Helping Adults Help Youth With Emotions
Cheryl Simons MA, MFT
I am a California-licensed marriage, family, and child therapist who has maintained a private psychotherapy practice in N. California for the past 27 years.
I began my career with a focus on Jungian therapy and a passion for working with children and families. My discovery of Dialectical Behavior Therapy (DBT) in 1998 added to a growing realization that having the ability to work with one’s emotions is a key to a good life and to good mental health.
DBT’s “skills deficit” model, which posits that, at the root of many mental health issues is a simple lack of skills, helped me more clearly conceptualize and articulate my own thinking developed through years of experience.
Using the DBT model, I created and led Emotion Education Groups for 6-12 year old boys. Many of the techniques I teach were tested and developed during these groups.
I have given talks on various topics in the field of psychotherapy for 18 years, and on Emotion Education since 2009.
Teach Simple Tools Based on Neuroscience
My experience and training in the fields of emotional intelligence, child therapy, and Dialectical Behavior Therapy (DBT) taught me that the development of emotion-based skills is critical to the creation of a healthy, happy, and successful life. The difference between having these skills and not having them can be the difference between coping successfully with a stressful event and experiencing it as traumatic.
Teaching these skills to children is a powerful inoculation against future problems: making for successful relationships at home and in the workplace, as they increase one's ability to engage with the challenges of life in a flexible way. As one of my adult clients said to me after learning some DBT skills: “Wow! I wish I’d learned these skills in childhood.”
"Wow! I wish I'd learned these skills in childhood."
Recently, we have witnessed the powerful impact of the pandemic on the psychological well-being of children and families. During the pandemic, I saw that the schools, as the place where children and families are most tied in to their communities, were experiencing the brunt of the crisis I saw that teaching emotion-based tools to teachers, parents, and students would be powerful “medicine” during these times of increased stress and anxiety.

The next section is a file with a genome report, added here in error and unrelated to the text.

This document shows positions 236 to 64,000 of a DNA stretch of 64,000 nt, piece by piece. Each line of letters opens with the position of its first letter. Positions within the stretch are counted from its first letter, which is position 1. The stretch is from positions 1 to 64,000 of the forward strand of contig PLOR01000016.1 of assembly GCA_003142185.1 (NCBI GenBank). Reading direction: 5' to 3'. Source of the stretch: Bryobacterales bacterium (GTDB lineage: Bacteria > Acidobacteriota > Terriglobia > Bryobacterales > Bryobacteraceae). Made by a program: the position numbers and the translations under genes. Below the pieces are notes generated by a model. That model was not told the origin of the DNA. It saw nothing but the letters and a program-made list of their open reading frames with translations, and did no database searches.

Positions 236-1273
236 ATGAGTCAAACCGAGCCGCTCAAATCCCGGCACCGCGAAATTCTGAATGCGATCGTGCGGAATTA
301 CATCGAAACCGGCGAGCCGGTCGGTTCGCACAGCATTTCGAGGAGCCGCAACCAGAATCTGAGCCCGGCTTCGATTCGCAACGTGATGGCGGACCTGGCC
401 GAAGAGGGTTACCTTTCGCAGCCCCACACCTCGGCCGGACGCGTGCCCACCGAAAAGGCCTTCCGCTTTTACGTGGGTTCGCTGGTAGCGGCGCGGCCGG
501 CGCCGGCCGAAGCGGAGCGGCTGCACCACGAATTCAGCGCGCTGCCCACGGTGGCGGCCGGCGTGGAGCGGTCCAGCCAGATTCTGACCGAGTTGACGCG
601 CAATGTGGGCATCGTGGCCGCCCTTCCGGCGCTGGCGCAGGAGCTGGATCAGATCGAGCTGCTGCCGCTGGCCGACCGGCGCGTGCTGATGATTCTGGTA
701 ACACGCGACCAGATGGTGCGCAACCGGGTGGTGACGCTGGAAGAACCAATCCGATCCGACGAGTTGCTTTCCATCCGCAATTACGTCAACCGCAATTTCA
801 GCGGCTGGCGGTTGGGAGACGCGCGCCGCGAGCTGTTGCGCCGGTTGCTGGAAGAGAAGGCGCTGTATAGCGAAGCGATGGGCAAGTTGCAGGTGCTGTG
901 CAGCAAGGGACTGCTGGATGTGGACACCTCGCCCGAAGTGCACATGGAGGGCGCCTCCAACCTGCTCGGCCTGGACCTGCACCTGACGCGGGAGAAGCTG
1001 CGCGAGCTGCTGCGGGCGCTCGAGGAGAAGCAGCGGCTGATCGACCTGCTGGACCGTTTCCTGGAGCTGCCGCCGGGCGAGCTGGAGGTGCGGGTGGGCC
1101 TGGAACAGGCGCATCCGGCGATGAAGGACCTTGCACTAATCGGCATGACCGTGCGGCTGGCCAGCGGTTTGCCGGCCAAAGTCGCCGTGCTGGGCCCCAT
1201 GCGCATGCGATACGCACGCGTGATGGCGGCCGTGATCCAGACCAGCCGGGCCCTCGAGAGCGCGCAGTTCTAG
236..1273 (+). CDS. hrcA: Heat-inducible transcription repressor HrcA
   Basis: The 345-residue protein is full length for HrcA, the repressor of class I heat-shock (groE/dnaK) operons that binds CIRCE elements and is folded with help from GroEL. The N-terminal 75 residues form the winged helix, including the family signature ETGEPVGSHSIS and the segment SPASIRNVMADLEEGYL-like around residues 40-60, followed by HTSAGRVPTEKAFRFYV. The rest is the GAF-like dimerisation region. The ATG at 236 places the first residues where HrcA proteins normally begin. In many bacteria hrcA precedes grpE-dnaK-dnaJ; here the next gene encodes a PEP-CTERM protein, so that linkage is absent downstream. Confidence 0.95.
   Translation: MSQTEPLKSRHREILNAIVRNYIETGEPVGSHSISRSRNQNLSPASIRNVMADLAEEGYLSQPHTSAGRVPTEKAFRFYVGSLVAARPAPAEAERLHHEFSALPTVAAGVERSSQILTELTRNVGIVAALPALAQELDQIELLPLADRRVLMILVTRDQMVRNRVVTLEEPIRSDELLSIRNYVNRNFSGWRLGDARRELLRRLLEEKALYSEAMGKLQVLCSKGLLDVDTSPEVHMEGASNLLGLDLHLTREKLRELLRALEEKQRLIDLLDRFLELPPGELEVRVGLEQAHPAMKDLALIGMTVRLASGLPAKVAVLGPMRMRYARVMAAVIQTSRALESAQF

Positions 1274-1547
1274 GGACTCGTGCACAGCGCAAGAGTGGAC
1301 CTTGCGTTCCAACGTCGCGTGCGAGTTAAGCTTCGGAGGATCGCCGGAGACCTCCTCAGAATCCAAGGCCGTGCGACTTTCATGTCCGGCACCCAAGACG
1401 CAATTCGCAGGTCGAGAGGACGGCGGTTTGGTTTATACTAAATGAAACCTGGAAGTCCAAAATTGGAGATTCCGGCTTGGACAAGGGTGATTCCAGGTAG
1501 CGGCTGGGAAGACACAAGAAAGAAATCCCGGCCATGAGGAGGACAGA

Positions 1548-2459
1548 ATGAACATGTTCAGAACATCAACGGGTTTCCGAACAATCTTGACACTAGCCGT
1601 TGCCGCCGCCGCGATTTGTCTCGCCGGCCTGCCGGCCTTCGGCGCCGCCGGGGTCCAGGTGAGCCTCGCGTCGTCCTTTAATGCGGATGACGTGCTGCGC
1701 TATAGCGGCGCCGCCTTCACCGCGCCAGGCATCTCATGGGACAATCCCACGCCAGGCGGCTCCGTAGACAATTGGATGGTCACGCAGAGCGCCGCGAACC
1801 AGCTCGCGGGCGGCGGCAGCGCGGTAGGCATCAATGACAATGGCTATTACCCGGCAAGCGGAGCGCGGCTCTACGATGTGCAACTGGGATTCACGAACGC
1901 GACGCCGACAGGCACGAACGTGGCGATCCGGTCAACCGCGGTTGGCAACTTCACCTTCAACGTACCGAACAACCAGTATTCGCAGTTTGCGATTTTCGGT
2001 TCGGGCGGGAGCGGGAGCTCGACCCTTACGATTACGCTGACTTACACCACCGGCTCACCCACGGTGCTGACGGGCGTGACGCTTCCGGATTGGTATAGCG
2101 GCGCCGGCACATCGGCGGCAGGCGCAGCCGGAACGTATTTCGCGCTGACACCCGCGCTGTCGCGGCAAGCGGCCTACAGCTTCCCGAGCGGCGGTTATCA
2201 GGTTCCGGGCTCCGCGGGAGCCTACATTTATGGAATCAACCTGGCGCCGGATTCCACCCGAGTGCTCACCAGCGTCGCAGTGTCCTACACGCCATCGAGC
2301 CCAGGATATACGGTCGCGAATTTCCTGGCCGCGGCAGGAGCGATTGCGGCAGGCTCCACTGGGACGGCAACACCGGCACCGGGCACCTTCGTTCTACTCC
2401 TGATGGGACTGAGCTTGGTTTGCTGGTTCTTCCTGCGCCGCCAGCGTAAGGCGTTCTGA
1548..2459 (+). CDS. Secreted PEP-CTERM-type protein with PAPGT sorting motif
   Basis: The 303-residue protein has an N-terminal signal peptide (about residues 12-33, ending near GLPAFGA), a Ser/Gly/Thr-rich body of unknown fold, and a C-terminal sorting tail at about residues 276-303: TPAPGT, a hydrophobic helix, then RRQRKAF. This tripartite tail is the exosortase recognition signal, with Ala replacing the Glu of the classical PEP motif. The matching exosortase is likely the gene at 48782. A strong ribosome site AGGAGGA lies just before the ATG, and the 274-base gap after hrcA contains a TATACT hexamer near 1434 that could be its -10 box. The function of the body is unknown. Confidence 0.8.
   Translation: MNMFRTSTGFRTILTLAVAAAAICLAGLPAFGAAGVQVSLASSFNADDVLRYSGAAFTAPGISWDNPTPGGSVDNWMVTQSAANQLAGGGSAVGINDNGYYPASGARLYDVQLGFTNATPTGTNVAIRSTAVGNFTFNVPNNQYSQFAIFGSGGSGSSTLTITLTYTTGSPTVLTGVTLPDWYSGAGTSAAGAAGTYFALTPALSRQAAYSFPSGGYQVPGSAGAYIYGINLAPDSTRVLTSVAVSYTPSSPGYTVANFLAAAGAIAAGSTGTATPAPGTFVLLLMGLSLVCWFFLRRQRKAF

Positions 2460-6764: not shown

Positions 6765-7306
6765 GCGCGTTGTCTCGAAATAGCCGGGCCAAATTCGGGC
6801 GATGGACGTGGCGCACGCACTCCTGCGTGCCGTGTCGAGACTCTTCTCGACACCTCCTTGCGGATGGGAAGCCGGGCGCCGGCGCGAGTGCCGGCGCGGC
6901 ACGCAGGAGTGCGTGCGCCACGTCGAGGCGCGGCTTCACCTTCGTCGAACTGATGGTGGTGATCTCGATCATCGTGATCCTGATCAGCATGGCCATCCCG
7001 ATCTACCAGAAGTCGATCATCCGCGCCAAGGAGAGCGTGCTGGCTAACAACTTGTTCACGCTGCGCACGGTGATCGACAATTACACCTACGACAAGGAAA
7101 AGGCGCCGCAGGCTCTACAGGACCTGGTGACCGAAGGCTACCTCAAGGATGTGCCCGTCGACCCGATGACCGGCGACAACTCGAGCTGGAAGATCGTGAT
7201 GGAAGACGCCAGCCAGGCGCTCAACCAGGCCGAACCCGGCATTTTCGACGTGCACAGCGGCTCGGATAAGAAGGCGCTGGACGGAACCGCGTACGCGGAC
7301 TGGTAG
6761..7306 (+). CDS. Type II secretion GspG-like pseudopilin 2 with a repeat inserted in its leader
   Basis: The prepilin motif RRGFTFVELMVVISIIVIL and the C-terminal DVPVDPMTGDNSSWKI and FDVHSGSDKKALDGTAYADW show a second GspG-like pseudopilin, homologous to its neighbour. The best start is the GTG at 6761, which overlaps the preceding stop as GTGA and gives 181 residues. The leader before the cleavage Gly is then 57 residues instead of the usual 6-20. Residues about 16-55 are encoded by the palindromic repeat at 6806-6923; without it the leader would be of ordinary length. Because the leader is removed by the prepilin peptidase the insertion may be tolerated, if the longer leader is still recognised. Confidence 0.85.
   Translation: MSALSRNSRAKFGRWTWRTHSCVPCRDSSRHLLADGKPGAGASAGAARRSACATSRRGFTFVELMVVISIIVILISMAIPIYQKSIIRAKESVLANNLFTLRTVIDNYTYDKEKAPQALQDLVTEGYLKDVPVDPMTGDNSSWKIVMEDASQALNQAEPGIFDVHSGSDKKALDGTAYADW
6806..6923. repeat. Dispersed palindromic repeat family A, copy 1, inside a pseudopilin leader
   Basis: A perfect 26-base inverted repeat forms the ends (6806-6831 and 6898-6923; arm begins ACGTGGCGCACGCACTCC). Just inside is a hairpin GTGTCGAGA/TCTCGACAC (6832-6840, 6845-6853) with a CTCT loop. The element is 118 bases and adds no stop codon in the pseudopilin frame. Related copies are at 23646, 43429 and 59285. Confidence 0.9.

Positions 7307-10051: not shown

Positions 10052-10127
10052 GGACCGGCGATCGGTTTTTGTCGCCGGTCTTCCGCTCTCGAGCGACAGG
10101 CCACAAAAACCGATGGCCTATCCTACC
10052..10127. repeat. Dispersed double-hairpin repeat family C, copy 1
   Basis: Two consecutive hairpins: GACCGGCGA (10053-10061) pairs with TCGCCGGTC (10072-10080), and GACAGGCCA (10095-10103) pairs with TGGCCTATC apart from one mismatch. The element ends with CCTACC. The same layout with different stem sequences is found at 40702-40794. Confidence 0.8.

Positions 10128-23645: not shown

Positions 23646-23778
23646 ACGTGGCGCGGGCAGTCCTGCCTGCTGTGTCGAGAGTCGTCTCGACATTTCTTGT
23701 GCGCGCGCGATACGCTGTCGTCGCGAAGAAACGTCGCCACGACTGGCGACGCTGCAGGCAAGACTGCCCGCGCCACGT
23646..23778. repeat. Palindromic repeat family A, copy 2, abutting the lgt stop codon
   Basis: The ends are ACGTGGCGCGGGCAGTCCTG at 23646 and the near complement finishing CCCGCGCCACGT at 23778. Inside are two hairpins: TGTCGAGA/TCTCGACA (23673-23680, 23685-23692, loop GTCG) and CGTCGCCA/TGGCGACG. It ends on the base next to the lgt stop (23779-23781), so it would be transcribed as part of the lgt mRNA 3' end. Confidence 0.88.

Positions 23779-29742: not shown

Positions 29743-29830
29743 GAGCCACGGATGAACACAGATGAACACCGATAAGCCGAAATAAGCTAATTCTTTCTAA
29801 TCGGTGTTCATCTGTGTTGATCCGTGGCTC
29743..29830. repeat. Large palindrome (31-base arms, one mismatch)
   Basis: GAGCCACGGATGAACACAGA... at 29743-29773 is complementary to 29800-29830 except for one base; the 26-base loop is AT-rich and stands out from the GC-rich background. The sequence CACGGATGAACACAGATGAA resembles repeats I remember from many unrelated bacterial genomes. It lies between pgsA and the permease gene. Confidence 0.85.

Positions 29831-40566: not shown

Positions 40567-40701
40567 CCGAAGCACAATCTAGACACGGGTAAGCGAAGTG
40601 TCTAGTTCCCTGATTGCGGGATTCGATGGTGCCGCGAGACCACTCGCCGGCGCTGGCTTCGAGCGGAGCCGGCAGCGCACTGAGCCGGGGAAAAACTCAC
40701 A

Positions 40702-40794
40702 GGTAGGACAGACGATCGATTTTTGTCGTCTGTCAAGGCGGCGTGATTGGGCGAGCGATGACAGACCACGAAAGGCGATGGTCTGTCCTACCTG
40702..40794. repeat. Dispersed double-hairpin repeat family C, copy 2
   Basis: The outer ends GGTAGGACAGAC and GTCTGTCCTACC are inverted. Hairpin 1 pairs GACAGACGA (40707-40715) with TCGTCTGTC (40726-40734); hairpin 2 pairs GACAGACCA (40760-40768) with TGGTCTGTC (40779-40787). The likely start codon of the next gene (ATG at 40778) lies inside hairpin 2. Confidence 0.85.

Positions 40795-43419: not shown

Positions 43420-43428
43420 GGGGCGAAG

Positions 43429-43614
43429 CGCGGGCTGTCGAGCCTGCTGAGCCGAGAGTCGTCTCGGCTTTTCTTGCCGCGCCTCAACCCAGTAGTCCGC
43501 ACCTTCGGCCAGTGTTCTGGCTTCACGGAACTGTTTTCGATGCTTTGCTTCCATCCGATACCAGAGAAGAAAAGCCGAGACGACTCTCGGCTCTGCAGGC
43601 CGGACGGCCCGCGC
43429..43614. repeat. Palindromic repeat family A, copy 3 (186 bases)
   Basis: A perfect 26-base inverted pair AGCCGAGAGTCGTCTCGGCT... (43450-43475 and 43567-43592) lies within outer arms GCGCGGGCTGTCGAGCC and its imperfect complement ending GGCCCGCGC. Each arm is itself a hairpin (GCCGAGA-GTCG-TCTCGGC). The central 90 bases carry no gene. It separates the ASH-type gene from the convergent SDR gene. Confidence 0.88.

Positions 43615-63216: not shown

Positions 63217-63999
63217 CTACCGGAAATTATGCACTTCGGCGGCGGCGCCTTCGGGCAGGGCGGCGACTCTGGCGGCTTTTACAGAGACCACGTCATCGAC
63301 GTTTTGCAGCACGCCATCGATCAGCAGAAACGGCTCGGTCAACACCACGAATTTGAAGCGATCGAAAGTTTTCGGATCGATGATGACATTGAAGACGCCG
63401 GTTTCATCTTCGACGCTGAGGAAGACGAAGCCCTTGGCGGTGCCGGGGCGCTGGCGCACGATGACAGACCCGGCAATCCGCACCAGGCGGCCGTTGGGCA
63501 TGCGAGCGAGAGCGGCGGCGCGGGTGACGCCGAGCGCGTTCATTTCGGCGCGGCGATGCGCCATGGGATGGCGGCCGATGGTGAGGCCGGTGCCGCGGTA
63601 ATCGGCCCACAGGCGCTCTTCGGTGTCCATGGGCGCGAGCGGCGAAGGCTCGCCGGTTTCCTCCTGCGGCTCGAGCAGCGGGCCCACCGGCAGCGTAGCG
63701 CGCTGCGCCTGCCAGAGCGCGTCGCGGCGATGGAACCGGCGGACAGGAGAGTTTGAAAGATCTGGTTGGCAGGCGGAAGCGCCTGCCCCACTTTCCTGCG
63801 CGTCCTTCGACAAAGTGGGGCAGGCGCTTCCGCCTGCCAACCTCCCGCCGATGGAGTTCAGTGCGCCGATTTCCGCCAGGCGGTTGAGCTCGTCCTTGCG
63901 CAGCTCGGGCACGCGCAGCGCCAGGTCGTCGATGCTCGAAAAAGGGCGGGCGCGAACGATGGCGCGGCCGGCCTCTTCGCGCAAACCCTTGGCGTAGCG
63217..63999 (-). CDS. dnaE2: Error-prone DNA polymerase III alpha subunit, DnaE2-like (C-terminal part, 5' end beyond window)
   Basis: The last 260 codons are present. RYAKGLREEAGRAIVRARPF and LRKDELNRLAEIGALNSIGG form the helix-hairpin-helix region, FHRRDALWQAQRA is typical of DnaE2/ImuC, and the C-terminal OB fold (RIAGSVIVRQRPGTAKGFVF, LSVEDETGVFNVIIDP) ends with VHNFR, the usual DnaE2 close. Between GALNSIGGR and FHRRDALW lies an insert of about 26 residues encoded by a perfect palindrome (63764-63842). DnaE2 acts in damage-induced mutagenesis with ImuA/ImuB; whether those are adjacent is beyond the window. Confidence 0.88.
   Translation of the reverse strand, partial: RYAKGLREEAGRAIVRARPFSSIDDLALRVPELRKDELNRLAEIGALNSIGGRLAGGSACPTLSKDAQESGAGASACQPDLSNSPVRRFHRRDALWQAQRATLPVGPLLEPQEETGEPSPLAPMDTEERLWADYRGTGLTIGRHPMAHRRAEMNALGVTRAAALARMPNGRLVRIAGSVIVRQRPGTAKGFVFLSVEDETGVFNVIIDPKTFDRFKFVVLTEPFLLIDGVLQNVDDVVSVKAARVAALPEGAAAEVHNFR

It was at this time that I began working with my local school district, developing and hosting presentations and workshops and providing written instructions for teaching and practicing emotion-based skills.
I have since expanded my offerings to provide presentations and workshops (in person or online) tailored to a broader range of youth-focused service providers.
My webinars and workshops teach simple emotion-based tools in the context of the brain science of emotion regulation and stress management, tools which participants can use to help themselves and, in turn, can teach to students and children with whom they have contact.
In addition to providing information, I teach practical skills through interactive practice. I provide the information and the tools in ways that make it easy for those who may already be stressed to use them.
Studies show that possessing the skills to maintain a healthy relationship with our emotions is a cornerstone of good mental health.
From neuroscience, we understand what actions or tools help us work effectively with our emotions and thereby increase our emotional intelligence.
Many of these tools are easy to teach and to learn and their potential benefits are enormous.
Youth who learn these skills will experience positive benefits throughout their lives: improved relationships, improved job performance, enhanced leadership skills, improved mental health, a reduction in anti-social behaviors, and greater resilience in the face of stress and trauma.
My goal is to see that these tools are more broadly valued and understood by the adults who work with children, whether they are school personnel, teachers, counselors, juvenile hall workers, or other youth-focused service providers, so that these individuals will in turn teach them to the children and teens with whom they have contact.
Let’s strengthen the resilience of children and teens by teaching emotion-based tools to them and to the adults who work with them!